Are Drug Policies Protecting Youth?

Are Drug Policies Protecting Youth?

Written by Sarah Merrigan, SSDP UNGASS Coordinator Intern and member of the Board of Directors

From left to right: Jake Agliata (SSDP Staff), Eva Cèsarovà (YouthRise), Gonzo Nieto (CSSDP), Penny Hill (Deakin University SSDP), and Sara Velimirovic (SSDP UNGASS Coordinator Intern).

“But what about the children?” is a question often asked during conversations about drug policy reform, but rarely answered by the children themselves. However, at this year’s 59th Commission on Narcotic Drugs, Students for Sensible Drug Policy partnered with our global allies to turn the tide. On Thursday, March 17th, members of SSDP, Canadian Students for Sensible Drug Policy (CSSDP), and YouthRISE presented a side event titled “Protecting the World’s Youth From Drug Policy.” Jake Agliata, Outreach Coordinator for SSDP’s international chapters, began the event by introducing the coalition of drug policy reform organizations which represent thousands of young people on six different continents. Our coalition intends to amplify youth voices and draw attention to the fact that young people are both willing and able to speak for ourselves on these monumentally important issues. YouthRISE member Eva Césarová began by pointing out that nearly every activity people engage in on a daily basis poses risks to our health; using seatbelts while driving, using climbing equipment while hiking, and wearing helmets while playing ice hockey, etc. No matter the activity, we minimize these risks by practicing harm reduction. Society does not deem ice hockey players unworthy of protection from head injury because of their choice to play the game, so why should our treatment of people who use drugs be any different? The implementation of harm reduction measures is a necessary part of social progress in any society and it is to our detriment that we continue to ignore this fact. While we recognize that in an ideal world everyone would behave in a manner that prevented harms altogether, we must be willing to admit that this is simply not the case. People have used drugs for all of human history. Expectations of achieving a so-called “drug-free world” are, frankly, ludicrous. Societal acceptance of such a naive belief has contributed greatly to the marginalization and stigmatization of people who use drugs all around the world. Only through pragmatism and empathy can we expect to achieve a world in which the right to the highest attainable standard of physical and mental health is feasible for everyone.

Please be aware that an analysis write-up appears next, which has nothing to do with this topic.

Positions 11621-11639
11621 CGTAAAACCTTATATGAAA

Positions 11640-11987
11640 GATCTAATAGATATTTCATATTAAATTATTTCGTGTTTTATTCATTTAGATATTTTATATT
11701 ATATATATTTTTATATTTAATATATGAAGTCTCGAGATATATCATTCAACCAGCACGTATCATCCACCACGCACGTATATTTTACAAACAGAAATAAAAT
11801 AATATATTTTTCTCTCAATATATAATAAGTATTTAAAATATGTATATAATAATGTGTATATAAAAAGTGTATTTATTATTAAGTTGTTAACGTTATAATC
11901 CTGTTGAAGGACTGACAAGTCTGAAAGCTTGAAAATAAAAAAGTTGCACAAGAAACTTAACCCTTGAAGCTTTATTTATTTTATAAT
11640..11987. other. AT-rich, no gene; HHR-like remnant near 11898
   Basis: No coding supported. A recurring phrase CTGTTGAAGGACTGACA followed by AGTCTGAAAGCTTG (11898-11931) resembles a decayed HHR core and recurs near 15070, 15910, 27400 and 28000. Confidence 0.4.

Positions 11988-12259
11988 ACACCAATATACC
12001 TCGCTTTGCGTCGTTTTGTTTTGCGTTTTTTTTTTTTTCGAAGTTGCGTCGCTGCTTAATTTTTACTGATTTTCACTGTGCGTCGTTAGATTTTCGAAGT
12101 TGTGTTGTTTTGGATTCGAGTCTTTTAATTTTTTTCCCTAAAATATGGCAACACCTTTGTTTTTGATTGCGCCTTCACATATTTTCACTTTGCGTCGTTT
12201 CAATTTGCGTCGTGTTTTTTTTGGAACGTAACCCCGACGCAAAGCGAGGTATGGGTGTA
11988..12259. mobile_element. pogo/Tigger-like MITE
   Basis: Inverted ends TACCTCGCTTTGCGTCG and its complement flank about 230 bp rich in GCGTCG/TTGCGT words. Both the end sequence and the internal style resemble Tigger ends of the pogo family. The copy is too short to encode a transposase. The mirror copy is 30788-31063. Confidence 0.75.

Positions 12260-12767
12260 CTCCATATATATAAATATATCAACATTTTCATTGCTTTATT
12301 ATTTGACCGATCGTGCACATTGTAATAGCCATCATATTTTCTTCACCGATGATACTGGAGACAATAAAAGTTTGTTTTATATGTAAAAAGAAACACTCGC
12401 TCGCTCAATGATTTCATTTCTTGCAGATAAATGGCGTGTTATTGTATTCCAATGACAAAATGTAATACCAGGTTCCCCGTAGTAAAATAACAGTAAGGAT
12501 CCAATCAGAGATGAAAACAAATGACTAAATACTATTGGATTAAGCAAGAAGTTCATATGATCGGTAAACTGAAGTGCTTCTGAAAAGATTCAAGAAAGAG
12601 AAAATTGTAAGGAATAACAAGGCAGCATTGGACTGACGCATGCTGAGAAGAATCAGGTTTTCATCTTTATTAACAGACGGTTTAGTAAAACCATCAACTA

Gonzo Nieto talked about how current drug policies make access to education difficult for youth around the globe. Penny Hill discussed the human rights implications of drug policies and how they specifically impact youth.